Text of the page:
Brandon Palaniuk is ready to make some adjustments to his previous approach on the Upper Mississippi River. Photo by Garrick Dixon
By Joel Shangle - July 25, 2019
As is the case with most of the field of 30 anglers preparing for REDCREST 2019 (August 21-25), Brandon Palaniuk is eager to compete on the Upper Mississippi River around La Crosse, Wisconsin, simply because of the quality of the fishery.
But while he’s enthusiastic about the pools of the upper river that serve as a border between Wisconsin and Minnesota – “It’s just such a great place to fish,” he says – Palaniuk is also matter-of-fact about how the upper Big Muddy will perform under the MLF “every scorable bass counts” format.
“A bunch of us wanted to make REDCREST just because the Mississippi River around La Crosse is such an outstanding fishery – anytime you fish there, it’s just fun,” Palaniuk admitted. “But as much as I like it up there, things are going to be completely different under a different format. It’s basically going to be a whole new fishery, and you’d better be prepared to approach it differently.”
Previous Success Might be Old News
Palaniuk and the rest of the REDCREST field all have tournament experience on Pools 6, 7 and 8 of the Mississippi River out of La Crosse: Palaniuk and the rest of the former Bassmaster Elite Series anglers in 2012, 2013, 2016 and 2018; former FLW Tour anglers in 2017. Two REDCREST competitors (Todd Faircloth and Ott DeFoe) have claimed tour-level wins there, and several have Top 10 finishes.
Thanks to a strong smallmouth pattern, Palaniuk himself appeared on his way to a dominant win in La Crosse in 2013 before an inadvertent fish-culling violation cost him a full day’s weight penalty and dropped him out of the cut. But much of that history will be suspect at REDCREST, if Palaniuk is correct in his assessment of how the fishery will perform in the MLF competition format.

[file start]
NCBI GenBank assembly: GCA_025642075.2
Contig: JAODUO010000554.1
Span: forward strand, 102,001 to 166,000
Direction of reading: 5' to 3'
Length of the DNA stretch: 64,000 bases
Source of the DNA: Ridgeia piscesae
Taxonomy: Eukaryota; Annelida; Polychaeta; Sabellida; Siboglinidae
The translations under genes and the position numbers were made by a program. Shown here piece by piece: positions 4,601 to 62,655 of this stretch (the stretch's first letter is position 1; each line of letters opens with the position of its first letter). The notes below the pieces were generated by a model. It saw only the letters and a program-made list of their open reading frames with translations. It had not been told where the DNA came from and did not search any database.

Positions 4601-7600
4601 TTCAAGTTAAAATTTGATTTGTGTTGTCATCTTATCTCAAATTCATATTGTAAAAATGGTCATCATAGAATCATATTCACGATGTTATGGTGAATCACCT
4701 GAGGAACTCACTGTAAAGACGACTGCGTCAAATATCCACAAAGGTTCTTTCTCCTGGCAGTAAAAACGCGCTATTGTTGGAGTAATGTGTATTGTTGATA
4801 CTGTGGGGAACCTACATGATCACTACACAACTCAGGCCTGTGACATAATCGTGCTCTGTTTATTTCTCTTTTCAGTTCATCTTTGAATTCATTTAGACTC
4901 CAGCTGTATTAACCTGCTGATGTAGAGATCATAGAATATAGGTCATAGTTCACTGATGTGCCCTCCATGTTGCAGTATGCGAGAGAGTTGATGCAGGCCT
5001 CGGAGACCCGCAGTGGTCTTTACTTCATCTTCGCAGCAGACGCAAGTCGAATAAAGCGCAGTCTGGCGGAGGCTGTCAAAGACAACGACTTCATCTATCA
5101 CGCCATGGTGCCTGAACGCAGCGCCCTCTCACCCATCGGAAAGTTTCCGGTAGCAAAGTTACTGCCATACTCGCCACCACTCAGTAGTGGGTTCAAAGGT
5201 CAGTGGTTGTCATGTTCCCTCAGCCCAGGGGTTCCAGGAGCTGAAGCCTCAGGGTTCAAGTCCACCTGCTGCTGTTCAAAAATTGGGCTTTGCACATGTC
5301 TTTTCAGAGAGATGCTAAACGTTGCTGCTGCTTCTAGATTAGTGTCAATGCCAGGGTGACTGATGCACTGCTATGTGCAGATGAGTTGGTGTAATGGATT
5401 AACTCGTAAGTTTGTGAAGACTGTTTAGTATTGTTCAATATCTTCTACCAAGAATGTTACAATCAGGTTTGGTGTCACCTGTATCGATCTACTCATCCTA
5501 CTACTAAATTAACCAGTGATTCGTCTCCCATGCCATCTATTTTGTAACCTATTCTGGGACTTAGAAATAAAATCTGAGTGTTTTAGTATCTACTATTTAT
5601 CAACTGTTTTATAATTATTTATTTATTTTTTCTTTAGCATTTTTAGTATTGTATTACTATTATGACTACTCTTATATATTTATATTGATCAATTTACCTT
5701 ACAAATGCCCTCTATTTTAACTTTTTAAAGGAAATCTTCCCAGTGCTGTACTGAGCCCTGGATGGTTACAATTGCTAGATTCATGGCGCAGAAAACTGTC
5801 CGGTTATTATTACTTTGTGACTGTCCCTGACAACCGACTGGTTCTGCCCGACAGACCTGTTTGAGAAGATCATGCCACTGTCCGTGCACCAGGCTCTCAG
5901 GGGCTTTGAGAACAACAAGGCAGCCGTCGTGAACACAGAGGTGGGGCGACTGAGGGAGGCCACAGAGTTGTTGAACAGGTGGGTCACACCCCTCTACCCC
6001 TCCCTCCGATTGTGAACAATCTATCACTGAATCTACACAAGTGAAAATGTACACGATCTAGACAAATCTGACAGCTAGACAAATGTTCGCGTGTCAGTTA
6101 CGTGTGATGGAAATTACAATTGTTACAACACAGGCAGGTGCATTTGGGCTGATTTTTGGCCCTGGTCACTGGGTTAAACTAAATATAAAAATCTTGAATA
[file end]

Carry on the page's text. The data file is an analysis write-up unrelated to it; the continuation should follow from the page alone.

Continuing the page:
“It was higher water (in 2013) and I was chasing more smallmouth than largemouth, but I think it’ll be a whole new fishery under this format,” he said. “The Mississippi River has always had a lot of fish in it, but in our previous competitions, it’s always been about being able to find those better-than-average fish (for a five-fish weight). Now it’s just about finding and catching them. And there are tons of fish in that river, and tons of ways you can catch them.
“The fish that didn’t make much of a difference before, when we were all looking to upgrade? Those fish will make a difference now.”
Adjusting to the Competition Grounds
Palaniuk expects the REDCREST competition schedule to play a major role in determining where anglers will fish, and for how long. While previous competitions have allowed anglers to fish the entirety of Pools 6, 7 and 8, REDCREST’S individual-round format – one Opening Round, three Qualifying Rounds and a Championship Round – will be contained inside individual pools each day. That means that Palaniuk’s (and the field’s) favorite areas on the Upper Mississippi might not even be in play.
“I have areas that I like to fish if it’s wide open and we can fish anywhere we want, but if we’re broken up into different pools, I have to split my practice time,” Palaniuk said. “I’ll probably end up fishing water I’ve never seen before, and will have to learn it that week.”